Another Ohayocon has come and gone. In my opinion, this year’s convention wasn’t quite as good as last year’s. There were some pretty good panels and cosplays, but this year there were too many special guest panels taking up slots on the schedule. Additionally, I felt there weren’t as many good options of artists for commissions this year as last year. However, it was still an excellent experience. Let me tell you why.
First off, let’s look at some of the fantastic cosplays from this year’s Ohayocon! Even if you’re not a fan of dressing up yourself, seeing the impressive amount of work that must go into some of the professional-grade level cosplays is fun. It’s also fun to see characters that you recognize.
Awesome Cosplays of Ohayocon: Day One
Awesome Cosplays of Ohayocon: Day Two
The cosplay is fun to see, but that’s not the main reason most people attend a convention, unless they are cosplaying to compete in the Masquerade. The main reason I, and a lot of other people, attend conventions is to listen to and participate in panels. As I mentioned earlier, there were quite a few special guest panels taking up time slots on the schedule this year. That was a disappointment for me because I don’t know many, if any, voice actors, comic artists, or other famous people involved in the anime community. So while those guest panels may have been exciting for some, I didn’t have much interest in them.
In case you haven’t been to a con before, first I’ll explain a little about how panels work. Each day, from about 10am until 2 or 3am there are panels scheduled for guests to attend. Unfortunately, a lot of good panels get scheduled either at the same time or back-to-back. It is impossible to get into some panels that are scheduled back-to-back, especially on Saturday (the busiest day), because the con staff makes you leave after each panel and get in line for the next one. At this con, people are allowed to start lining up 30 minutes prior to the start of the panel, and on a Saturday, the lines fill up fast. If you want to get into a panel, it is best to plan on lining up right when you are allowed. So that means if you have two panels you want to see that are scheduled back-to-back, you’re probably only going to be able to get into one. (Of course, that will depend on how popular the panel is and how many people the room that particular panel is in accommodates.) This year, that happened quite a few times, so I ended up missing some of the panels that I wanted to see.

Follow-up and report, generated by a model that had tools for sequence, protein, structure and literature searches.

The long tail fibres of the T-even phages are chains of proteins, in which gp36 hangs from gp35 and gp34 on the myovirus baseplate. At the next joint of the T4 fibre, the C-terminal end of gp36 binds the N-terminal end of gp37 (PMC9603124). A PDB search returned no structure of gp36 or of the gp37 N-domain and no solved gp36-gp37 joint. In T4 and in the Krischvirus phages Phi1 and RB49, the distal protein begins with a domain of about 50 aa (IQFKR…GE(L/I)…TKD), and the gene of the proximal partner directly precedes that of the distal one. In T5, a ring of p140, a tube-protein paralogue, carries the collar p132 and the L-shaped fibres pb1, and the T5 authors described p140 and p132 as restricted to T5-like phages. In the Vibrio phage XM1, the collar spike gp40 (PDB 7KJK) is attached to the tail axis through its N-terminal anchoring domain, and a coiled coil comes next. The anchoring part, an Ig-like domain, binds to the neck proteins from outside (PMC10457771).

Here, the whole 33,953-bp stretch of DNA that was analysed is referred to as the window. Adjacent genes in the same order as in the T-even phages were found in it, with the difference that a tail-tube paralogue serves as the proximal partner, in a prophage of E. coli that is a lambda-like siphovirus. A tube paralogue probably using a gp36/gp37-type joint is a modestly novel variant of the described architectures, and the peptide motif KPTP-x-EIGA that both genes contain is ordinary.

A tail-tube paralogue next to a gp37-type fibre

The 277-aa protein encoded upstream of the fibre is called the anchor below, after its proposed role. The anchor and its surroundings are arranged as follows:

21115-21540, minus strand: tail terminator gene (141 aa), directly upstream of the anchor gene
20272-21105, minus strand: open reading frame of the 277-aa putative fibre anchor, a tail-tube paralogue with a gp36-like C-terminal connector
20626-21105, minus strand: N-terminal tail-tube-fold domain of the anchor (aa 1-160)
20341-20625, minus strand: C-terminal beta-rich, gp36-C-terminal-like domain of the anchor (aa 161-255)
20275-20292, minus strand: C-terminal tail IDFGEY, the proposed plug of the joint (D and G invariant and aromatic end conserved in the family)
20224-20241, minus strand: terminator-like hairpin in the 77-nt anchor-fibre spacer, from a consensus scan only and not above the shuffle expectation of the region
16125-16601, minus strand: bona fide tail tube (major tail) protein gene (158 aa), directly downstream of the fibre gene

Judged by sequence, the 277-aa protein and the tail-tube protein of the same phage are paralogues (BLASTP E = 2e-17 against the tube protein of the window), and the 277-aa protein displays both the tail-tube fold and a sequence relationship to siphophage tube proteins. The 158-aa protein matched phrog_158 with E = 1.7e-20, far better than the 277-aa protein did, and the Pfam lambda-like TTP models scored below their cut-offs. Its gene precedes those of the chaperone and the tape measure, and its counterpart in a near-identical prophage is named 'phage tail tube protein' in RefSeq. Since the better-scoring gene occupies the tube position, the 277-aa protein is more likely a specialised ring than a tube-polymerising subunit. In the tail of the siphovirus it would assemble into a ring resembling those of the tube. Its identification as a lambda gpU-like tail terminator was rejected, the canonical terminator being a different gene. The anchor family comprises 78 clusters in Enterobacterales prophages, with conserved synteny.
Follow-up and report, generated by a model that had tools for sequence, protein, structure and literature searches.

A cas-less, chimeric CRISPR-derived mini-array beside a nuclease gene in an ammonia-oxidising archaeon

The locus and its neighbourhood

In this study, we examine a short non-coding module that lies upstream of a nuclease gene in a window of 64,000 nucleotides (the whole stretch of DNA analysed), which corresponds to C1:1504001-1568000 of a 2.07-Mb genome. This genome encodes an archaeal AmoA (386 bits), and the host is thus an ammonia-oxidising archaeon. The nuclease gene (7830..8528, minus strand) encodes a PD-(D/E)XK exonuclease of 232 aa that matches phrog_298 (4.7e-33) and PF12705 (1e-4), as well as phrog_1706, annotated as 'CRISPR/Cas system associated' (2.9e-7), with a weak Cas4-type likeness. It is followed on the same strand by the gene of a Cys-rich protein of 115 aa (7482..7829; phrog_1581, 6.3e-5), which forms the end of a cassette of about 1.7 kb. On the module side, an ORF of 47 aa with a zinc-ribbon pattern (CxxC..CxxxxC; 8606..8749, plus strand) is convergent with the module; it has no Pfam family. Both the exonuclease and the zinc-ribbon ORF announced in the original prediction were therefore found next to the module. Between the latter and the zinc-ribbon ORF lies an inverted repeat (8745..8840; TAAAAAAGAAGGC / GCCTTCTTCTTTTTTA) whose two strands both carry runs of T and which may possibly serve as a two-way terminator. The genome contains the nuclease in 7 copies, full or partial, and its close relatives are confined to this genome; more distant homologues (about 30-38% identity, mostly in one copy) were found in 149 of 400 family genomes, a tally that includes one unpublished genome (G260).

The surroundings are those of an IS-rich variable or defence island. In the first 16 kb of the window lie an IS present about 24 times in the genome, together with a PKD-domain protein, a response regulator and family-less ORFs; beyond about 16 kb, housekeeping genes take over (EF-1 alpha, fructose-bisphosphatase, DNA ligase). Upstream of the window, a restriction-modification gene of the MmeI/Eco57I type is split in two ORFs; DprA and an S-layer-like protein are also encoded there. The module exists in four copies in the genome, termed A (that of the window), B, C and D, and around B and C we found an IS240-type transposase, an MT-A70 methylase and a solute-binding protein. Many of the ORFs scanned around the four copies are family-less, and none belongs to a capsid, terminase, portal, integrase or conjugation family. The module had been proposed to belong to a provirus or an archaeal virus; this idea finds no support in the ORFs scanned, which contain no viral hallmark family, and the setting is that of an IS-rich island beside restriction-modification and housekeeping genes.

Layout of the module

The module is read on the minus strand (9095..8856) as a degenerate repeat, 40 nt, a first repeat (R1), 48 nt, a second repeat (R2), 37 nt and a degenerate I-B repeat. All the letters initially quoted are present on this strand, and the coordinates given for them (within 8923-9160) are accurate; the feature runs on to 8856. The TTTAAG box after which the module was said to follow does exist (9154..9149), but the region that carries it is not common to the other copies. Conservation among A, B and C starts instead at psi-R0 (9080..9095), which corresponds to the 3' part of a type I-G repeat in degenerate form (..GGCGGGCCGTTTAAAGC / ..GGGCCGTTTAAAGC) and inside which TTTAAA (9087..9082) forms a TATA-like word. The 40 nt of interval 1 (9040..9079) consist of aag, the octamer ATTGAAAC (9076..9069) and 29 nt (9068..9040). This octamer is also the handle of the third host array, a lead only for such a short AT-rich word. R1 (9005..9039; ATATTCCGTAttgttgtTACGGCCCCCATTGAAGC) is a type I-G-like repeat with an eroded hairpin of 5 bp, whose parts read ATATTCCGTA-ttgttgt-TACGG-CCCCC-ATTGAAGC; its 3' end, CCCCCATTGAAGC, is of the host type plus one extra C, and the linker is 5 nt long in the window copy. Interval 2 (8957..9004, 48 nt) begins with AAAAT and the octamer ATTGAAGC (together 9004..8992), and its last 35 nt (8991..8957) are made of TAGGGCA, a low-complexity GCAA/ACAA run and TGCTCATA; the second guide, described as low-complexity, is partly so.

Fortunately, I did get into quite a few good panels, including: Comics for Manga Fans, Do Fairies Have a Tail?, Gundam: The Experience: The Panel, Mythological Archetypes in Anime, We’s Titans- Attack on Titan, Exploring the World of Anime Movies, Making and Marketing a Visual Novel, Teen Titans, Assemble!, and Special Guests: Yu Yu Hakusho with Jerry Jewel and Justin Cook (the only special guest panel I was interested in). I stopped in a few others that didn’t turn out so great. If you don’t enjoy a panel, though, you can just leave. So I did.
Of those panels, Comics for Manga Fans was my favorite this year. The panelists discussed which comic books are most appropriate for people who are already fans of manga, but who haven’t quite crossed that line into the world of comics and aren’t sure where to start. Some of the comics that the panelists suggested were: I Kill Giants, Atomic Robo, Y: The Last Man (#1-60), Maus, and Underwater Welder. The full list of comics they suggested included 24 Marvel comics, 25 DC comics, and 28 comics by indie publishers. Each of the four panelists also indicated which of the comics are their favorites and provided options for further research, such as comraderecs.tumblr.com, or Comixology and Comic Flow, both of which are apps.
Some panels simply discussed the anime that the panel was about. Other panels, like Mythological Archetypes, gave more in-depth information about a specific aspect of anime in general that might not usually be explored. Others still gave a brief overview of the anime, then popped in an episode for the panels guests to watch. The Visual Novel panelists described their experience creating and selling their visual novel (which is a type of simulation game, called OTChi Kocchi). The Yu Yu Hakusho special guest panel consisted of the voice actor of the main character, Yusuke, and the voice actor of multiple smaller characters answering guests’ questions about what it was like to be a voice actor on the show.
Watching panels is so much fun that I plan on getting into it myself next year. If you have any suggestions for panels you might find interesting, leave a comment! Did you get to attend Ohayocon this year? If so, what was your favorite part of the convention?